Taking Care of the Newly Born Puppies and Mother
Clean the mother and her puppies gently with warm water and a washcloth once she has finished giving birth.
Unless your vet tells you to, avoid using cleaning products like soap and disinfectant. Wet newspaper and used bedding should be removed from her whelping box.
Dim lighting will make mom feel more secure, so keep it that way. If a mother dog isn’t happy with the surrounding area, you’ll notice that she moves her litter to a new location.
I can imagine how tempting it will be to spend as much time as possible with the puppies once they have been fed, watered, and otherwise cared for. However, you should hold back.
Because of their tiny size (a few ounces), they are also quite delicate. Moreover, if you don’t already have one, you should invest in an electronic scale to track their development. This bonding time between mom and puppy is crucial.
Things to keep in mind;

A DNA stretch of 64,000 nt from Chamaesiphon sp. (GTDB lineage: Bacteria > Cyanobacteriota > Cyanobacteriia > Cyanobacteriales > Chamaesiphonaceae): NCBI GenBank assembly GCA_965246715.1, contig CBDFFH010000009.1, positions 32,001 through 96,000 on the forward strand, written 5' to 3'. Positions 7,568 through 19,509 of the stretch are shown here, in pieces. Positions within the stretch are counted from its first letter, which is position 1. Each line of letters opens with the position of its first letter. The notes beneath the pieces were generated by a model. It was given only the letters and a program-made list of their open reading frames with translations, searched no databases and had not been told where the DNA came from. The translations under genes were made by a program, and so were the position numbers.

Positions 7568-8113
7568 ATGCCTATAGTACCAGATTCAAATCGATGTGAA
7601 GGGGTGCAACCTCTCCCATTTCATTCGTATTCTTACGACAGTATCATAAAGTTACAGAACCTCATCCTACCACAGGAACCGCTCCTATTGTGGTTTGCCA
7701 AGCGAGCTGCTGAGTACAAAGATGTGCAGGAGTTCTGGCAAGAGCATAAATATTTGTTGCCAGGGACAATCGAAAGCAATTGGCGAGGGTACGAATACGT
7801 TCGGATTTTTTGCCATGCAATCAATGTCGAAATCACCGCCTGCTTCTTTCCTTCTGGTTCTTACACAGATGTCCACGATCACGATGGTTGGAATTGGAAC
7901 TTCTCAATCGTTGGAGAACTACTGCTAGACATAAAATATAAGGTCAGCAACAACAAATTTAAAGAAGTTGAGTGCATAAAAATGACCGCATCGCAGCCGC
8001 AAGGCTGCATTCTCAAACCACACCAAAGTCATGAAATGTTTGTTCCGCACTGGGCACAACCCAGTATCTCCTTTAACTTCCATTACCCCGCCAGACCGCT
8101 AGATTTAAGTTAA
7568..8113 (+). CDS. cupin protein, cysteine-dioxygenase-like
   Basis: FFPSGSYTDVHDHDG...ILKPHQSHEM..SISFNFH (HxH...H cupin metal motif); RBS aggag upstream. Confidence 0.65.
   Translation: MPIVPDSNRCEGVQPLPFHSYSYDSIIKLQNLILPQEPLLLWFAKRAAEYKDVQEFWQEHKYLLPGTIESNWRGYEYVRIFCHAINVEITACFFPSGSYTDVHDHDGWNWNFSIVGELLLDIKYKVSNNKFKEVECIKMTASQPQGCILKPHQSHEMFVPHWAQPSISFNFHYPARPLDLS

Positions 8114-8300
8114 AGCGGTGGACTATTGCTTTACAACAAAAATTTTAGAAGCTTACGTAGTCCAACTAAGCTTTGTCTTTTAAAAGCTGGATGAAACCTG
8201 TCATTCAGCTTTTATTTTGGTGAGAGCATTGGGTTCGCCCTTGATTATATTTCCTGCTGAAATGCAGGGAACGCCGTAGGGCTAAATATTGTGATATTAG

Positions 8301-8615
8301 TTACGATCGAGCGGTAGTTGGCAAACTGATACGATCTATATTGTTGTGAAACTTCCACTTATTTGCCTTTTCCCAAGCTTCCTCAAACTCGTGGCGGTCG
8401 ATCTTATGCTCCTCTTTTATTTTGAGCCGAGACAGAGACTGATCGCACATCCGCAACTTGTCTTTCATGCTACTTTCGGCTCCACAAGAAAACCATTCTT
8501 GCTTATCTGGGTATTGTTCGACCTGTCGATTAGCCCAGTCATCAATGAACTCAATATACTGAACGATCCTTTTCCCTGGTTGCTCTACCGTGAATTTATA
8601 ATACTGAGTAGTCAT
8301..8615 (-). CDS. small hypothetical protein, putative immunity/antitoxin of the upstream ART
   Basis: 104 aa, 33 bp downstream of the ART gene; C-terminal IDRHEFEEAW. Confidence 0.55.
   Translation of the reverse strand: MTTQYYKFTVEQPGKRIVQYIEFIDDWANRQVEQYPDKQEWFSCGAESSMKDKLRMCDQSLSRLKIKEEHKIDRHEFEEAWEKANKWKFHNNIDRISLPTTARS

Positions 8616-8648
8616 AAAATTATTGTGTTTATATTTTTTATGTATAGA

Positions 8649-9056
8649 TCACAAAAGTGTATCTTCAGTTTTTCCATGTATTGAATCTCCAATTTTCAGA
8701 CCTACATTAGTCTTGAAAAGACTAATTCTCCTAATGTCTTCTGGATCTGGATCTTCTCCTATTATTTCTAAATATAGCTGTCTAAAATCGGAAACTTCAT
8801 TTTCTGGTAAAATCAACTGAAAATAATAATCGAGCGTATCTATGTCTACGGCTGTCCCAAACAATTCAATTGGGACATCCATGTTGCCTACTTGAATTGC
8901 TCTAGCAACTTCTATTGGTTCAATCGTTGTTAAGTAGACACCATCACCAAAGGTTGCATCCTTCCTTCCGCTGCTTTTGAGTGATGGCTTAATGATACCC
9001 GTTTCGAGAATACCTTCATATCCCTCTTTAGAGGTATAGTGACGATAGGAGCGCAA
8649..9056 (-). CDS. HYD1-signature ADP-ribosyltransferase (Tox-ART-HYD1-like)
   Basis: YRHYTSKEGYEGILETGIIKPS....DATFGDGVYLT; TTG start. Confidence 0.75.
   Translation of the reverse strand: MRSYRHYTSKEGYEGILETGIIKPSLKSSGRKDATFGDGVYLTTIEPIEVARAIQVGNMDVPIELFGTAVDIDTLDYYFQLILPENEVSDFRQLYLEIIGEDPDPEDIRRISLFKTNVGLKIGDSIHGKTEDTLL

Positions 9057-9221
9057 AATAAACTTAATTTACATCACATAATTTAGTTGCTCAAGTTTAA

Keep in mind that a mother’s instinct to care for her child is honed over many years of experience; your function is merely that of an assistant whose job it is to make sure everything is okay.
Keep track of your puppies’ birth weights and following weekly gains, and share this information with your vet at your puppies’ checkups.
Keeping Mother Healthy
It’s likely going to be challenging to persuade the mother out of the whelping box for anything more than a quick trip to the bathroom. She may put up a fight, but if that doesn’t work, try luring her out with a leash.
During her trips to the bathroom, she has a few moments to herself without the distraction of her puppies. It also gives you time to tidy up and make sure the puppies are okay.
Be sure there is no bleeding, discharge, or abnormalities before reintroducing the mother to her puppies. Breast inflammation and infection are referred to as acute mastitis.